Quiet Quitting has recently captured popular imagination. Is there something to it or is it a new name for something that is as old as industry itself?
Quiet Quitters are described as those who continue to be employed in a company but just about do their job and no more. They are not seen as going ‘above and beyond’.
Results of a survey by Gallup referred to in that company’s blog earlier this month indicate that about 50% – and maybe more – of U.S. workers are quiet quitters, and that engagement levels too are dropping.
Some experts we spoke to in India argue that a quiet quitter is not a shirker, that they are only meeting expectations, which is fine. Others say we have to view the level of engagement as distinct from working only a certain number of hours a week and that Quiet Quitters could actually be contributing significantly even if they work only a sane number of hours. And at the other end of the spectrum, you have CEOs like Alibaba’s Jack Ma with his 996 formula – you have to work 9 am to 9 pm six days a week.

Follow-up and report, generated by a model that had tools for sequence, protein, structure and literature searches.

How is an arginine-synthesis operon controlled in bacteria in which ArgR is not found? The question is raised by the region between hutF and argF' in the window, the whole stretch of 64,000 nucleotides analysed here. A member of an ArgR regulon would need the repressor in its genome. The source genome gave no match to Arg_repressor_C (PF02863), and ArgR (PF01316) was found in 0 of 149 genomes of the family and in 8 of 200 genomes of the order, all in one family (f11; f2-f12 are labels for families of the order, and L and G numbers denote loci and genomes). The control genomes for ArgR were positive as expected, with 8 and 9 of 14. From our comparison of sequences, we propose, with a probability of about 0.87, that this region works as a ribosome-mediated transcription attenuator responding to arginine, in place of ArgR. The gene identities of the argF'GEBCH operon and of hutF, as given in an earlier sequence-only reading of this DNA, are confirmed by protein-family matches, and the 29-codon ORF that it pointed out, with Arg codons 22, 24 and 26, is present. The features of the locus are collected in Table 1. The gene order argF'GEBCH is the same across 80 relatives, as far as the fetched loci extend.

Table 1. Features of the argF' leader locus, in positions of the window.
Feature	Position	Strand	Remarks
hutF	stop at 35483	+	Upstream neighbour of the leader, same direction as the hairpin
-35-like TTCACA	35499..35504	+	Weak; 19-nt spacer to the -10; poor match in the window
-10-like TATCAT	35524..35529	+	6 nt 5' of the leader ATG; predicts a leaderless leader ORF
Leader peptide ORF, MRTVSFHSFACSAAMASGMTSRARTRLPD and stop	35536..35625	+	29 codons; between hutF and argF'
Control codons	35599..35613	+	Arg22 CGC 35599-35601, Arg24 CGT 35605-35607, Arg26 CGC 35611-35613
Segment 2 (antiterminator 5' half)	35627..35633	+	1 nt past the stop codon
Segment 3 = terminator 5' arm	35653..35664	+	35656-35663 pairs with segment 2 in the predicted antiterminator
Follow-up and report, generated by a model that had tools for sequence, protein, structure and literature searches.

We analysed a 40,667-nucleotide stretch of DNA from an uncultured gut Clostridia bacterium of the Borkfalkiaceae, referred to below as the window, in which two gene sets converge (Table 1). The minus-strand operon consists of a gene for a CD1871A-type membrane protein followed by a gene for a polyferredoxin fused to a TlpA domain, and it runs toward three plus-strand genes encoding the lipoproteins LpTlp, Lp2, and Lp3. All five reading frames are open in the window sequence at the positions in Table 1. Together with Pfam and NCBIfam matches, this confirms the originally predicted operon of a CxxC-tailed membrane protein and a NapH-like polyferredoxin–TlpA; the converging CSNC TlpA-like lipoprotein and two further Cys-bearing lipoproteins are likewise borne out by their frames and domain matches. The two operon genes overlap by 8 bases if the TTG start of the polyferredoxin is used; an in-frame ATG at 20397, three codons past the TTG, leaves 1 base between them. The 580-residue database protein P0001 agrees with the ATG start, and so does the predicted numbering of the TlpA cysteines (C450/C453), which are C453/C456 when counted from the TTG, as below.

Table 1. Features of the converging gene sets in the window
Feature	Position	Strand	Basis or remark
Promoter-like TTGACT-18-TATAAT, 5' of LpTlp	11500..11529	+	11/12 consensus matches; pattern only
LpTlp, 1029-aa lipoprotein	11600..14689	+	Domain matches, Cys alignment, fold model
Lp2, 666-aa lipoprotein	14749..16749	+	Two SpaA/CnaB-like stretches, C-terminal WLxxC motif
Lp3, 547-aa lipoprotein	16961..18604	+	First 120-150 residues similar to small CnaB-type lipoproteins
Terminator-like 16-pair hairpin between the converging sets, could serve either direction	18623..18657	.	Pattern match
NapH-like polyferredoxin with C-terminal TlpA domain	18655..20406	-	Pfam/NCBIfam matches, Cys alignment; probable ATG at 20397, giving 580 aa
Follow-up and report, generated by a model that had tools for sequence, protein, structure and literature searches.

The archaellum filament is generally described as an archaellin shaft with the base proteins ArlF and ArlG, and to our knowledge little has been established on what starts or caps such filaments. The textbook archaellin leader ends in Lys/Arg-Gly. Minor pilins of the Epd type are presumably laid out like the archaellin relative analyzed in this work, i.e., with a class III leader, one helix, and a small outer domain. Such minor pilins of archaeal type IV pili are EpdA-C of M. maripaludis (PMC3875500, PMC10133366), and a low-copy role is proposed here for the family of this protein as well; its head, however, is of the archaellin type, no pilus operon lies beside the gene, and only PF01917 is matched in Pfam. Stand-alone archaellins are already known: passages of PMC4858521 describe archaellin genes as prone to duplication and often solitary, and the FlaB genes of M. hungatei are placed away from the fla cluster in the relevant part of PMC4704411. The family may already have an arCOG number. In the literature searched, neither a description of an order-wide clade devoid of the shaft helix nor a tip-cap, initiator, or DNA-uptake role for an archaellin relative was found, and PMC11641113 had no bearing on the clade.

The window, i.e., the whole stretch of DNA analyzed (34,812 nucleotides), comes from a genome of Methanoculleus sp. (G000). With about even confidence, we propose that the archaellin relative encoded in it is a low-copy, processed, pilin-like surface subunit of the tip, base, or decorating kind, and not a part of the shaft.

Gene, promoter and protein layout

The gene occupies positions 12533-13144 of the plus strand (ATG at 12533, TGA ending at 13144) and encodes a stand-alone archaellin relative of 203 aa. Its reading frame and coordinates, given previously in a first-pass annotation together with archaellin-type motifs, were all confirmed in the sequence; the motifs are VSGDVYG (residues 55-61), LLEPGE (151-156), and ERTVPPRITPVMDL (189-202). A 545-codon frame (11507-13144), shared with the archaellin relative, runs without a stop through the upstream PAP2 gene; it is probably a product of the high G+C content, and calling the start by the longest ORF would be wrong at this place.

This topic brings up several questions.
What are some of the questions that can help employers and employees alike to understand where they stand vis-a-vis each other? Are start-ups guilty of the hustle culture? Are employees who meet expectations not given enough credit?